"I am carnal, sold under sin." He's not saying that he continues to be carnal, because he says that we should not walk after the flesh. Let me read on here. "For what I am doing, I do not understand. For what I will do, that I do--" let me say that again. "What I will to do, that I do not practice, but what I hate, that I do.

" Alright, let's just stop here. And let's ask a rhetorical question. Is this describing what is to be expected for the ongoing experience of the Christian, doing what we hate, not doing what we want? No. Do you know a lot of people read it that way, a lot of people. Even within our own church, there may be 50%, 60% that read it that way.

But I'm going to make what I think is a good case that that's not the way you are to read it. I think he now is transporting himself back. He's resonating with his readers, and saying, "I know what you're going through. I went through it. It's a dreadful experience to be in the throes of the new birth and be under conviction and have no peace.

" It's a wretched experience. "If, then, I do what I will not to do, I agree with the law, the law is good." Problem is not that the law is bad. "But now, it is no longer I who does it, but sin that's in me." We long to do what we know the law says, but we are controlled, we are enslaved by sin. "For I know that in me, in my flesh, nothing good dwells." We've got these mortal bodies with all these animalistic desires and pride and passions. "For to will is present--" we have minds.

We have the Spiritual side that's yearning to do what's right. It's present with me-- "but how to perform what is good I do not find." Now is that to be the ongoing experience of the Christian? We never find how to perform what's good? No. But some read it that way. Oh, God forbid that we would believe that Paul is describing, "this is the way it's going to be from now on. How to perform what is good you'll never find.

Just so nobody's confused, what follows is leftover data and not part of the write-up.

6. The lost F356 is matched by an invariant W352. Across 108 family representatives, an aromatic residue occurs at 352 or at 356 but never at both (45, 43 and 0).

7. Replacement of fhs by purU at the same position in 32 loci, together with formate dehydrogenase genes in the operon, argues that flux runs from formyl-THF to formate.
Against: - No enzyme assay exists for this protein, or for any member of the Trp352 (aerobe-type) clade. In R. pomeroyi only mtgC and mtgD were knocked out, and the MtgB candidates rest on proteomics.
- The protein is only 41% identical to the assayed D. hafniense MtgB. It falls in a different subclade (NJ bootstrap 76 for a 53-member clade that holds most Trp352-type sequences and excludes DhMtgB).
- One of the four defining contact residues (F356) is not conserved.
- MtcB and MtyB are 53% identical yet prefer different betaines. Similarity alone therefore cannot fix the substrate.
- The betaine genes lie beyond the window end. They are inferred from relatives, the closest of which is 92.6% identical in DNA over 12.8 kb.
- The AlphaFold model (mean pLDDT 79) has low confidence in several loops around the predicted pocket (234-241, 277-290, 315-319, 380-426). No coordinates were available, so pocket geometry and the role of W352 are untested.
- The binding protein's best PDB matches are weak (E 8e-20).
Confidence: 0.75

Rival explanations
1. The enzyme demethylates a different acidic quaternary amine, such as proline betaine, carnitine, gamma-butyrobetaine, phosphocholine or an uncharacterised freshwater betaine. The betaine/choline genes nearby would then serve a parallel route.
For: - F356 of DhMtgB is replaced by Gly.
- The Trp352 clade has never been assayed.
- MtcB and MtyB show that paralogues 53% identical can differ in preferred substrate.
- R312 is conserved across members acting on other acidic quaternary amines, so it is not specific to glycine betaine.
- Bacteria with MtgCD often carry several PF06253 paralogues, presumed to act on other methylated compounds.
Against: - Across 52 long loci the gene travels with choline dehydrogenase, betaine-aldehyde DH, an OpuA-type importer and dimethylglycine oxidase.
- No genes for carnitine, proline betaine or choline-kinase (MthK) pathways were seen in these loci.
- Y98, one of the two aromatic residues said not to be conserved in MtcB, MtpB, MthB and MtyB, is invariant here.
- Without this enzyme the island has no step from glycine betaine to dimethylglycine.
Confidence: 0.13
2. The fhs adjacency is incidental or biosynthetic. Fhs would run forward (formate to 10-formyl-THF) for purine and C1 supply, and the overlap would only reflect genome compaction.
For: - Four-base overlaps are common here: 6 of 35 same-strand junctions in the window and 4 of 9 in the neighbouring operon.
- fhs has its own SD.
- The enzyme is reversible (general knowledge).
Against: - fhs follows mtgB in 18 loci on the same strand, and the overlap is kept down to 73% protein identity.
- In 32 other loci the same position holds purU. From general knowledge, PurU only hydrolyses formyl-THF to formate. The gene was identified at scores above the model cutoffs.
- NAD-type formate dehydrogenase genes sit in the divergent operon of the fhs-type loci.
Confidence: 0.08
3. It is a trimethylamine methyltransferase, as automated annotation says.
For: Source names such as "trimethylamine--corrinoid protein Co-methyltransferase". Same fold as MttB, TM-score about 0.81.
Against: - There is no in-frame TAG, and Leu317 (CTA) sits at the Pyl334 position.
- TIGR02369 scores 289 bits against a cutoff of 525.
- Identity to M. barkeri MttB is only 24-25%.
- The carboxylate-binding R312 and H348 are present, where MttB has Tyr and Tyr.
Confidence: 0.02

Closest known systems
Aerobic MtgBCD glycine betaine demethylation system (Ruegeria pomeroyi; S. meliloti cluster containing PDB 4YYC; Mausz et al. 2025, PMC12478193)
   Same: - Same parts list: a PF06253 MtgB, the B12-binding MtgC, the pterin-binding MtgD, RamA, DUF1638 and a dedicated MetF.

" Boy, that's kind of a defeated experience. "For the good that I will to do, I do not." Now there may be exceptions for the Christian. But is that the rule? Some read that that's the rule. Heaven forbid. "For the good I will to do, I do not, but the evil I will not to do, that I practice.

" Alright, here you are, you're a new born-again Christian, and so why don't you underline that. That's going to be your pattern for life. The good you want to do, you won't do. The evil you hate, that's what you'll do. I hope not.

I mean, you know, come to Christ; you're a drug addict and you're smoking and you're cursing and you're drinking and you're lying, you're a slave to sin, and someone reads this to you, and say, "cheer up. This is the way it's going to be." Where's the deliverance? Where's the victory? Where's the overcoming? But some people read that as though Paul is saying, "this is just the way it is still. I love God with my mind, but with my body and my life, you know, we're all just going to continue this captivity to sin." God forbid. "Now if I do what I will not to do, it is no longer I who does it, but sin that's in me." Oh, that's it. Let's blame the sin.

And is that the attitude Christians are to take into their experience? "Well, you know, we all sin. It's the sin; it's not us. With my mind, I love the Lord, but with my body, I'm going to sin." That's the doctrine of the nicolaitans, the thing that Jesus said, "I hate." The idea that we'll just, you know, "we'll be spiritual in our minds, but we'll be carnal in our bodies." Doesn't the Lord give us the ability through the power of the Spirit to subdue the flesh? This is why this is so important to understand this. You get this wrong, and you can get everything wrong. Alright, let me keep going here.

I'm almost done, and then we're going to back up in our time that's left here. "For I know that in me that is in my flesh nothing good dwells." Verse 19, "for the good that I will do I do not. The evil I will not that I practice. Now if I do what I do not do--" let me see. This is--these words sometimes, the way the sentences are structured here can scramble you.

"For if I do what I will not to do, it is no longer I who do it but sin that dwells in me. I find then a law, that evil is present with me, the one who wills to do good. For I delight in the law of God according to the inward man. But I see another law in my members, warring against the law--" now that's true. We all know that there's a war between the Spirit and the flesh-- "warring against the law of my mind, and bringing me into captivity to the law of sin which is in my members.